Luckily, whilst Smeargate (ugh!) has demolished Labour's credibility, it seems to have revitalised Samizdata: the writing there is once more driven and driving. I particularly liked this post by Thaddeus Tremayne...
What follows next after Mr. Brown and his minions have been given the big, national elbow? Well, in due course (and perhaps even short course) Mr. Brown will be replaced by Mr. Not-Brown. And what lessons will Mr. Not-Brown have learned from the rise and ignoble fall of Mr. Brown? He will have learned that you can relentlessly plunder the wealth-producing sector of the economy in order to provide booty for your clients and be regarded as a visionary leader. He will have learned that you can establish a pettyfogging, pecksniffing, bullying surveillance state and be called a great statesman. He will have learned that you can hack at a once-prosperous economy with punitive taxes and onerous regulations until said economy collapses in an anaemic heap and be praised as an economic genius. And, crucially, he will have learned that you can get away with doing all of that, as long as you observe parliamentary protocols and refrain from seeking to smear your political classmates. That is unacceptable.
So Mr. Not-Brown has had his very simple manifesto handed to him on a plate, courtesy of his predecessor. All Mr. Not-Brown has to do is to pledge to 'clean up' politics and put a stop to all this lack of propriety and he is home and hosed. He doesn't even have to keep his pledge because everyone will be so relieved that Mr. Not-Brown is not Mr. Brown that they will believe him. They will want to believe him and so he will get a free pass to do pretty much whatever takes his fancy. All Mr. Not-Brown has to do (for a couple of years at least) is to make sure that his toadies and his cronies and his aunts keep their cards closer to their chests while they get on with what everybody agrees to be the praiseworthy and important business of stamping on our faces.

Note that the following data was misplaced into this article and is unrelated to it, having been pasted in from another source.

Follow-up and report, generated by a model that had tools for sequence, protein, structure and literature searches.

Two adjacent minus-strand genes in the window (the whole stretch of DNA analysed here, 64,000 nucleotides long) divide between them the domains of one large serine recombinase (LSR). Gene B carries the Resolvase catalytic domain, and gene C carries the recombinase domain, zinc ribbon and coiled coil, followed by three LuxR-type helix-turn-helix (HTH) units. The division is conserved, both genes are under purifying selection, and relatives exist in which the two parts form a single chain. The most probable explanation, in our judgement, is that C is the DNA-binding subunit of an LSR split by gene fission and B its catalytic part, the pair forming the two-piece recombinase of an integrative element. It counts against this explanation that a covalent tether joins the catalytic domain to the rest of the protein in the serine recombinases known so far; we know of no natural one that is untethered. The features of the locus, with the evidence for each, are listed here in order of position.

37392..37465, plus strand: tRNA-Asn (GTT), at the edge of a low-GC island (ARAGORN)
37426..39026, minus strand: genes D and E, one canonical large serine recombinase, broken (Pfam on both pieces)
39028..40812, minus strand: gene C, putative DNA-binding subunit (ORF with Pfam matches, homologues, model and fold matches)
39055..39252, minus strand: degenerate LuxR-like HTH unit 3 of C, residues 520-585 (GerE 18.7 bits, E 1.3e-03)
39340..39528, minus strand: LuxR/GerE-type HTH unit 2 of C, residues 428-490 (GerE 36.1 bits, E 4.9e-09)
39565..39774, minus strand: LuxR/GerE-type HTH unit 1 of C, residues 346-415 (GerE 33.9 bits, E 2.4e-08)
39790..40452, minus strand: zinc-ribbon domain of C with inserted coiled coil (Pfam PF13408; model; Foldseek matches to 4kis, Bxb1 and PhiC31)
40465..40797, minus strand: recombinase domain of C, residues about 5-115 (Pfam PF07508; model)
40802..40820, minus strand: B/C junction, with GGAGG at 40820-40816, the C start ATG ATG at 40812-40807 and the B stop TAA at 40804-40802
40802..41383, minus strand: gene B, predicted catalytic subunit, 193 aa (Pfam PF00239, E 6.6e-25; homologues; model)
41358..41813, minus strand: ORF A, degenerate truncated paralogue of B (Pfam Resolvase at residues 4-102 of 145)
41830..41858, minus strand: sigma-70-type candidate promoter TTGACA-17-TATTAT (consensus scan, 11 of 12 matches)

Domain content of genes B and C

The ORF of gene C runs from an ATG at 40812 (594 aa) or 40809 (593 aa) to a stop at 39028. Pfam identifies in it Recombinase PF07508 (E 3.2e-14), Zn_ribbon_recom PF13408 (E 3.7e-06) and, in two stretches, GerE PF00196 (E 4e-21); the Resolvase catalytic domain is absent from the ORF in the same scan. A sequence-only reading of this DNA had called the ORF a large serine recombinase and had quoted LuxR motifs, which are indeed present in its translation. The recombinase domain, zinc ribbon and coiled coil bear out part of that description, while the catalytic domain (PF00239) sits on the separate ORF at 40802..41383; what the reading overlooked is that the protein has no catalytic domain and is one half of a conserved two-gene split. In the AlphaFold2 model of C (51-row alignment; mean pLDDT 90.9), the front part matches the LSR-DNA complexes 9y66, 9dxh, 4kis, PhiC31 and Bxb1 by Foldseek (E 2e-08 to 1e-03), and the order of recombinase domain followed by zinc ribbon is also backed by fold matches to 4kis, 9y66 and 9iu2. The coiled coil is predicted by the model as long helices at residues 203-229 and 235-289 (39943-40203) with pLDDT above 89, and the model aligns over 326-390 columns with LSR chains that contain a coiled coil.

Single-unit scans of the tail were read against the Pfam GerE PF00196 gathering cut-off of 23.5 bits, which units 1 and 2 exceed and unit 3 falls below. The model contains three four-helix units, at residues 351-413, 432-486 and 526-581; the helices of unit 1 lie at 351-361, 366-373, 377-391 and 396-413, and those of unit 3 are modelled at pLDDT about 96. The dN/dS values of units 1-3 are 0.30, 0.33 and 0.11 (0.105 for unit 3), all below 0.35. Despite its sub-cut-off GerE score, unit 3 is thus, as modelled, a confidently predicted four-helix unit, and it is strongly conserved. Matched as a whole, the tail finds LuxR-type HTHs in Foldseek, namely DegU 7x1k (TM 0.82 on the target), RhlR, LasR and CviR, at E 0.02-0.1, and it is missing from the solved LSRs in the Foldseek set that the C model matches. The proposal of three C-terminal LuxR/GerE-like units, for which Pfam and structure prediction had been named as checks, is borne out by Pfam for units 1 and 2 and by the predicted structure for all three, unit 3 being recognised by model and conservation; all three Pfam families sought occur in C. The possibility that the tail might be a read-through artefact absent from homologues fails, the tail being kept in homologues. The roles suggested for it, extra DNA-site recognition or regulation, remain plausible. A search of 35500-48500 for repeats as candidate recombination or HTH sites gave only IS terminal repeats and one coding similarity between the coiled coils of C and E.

Mr. Not-Brown (who will probably be Mr. Buttered-New-Potato) will do precisely this, and this once great country will sink ever more deeply into the mire.
And why? Because, as Philip Chaston so eloquently posts, we are all subjects now.
In 1997 I was still a citizen. Now I am a subject: not a subject of the Crown but the subject of a new beast, one that stretches from Whitehall to Brussels. Roger Scruton has defined a subject as follows:Subjection is the relation between the state and the individual that arises when the state need not account to the individual, when the rights and duties of the individual are undefined or defined only partially and defeasibly, and where there is no rule of law that stands higher than the state that enforces it.
This is a contentious argument, but our rights are overdetermined and overdefined on paper, arbitrary in exertion, incompetent in execution. Moreover, the European Union under the Treaty of Lisbon confers the authority of a bureaucratic state based upon a law no higher than itself, which can annul and strike out all rights, as power overrides law.
In practice, bureaucratic accretions, quangos and the vomit of regulation have encouraged a culture of subjection. This may have roots prior to New Labour but it acquired its final flowering under this pestilent regime, and discarded the final brakes upon its power: demanding that we are subject to them, civil servants in name, masters in form. ID cards, databases, surveillance and dependency.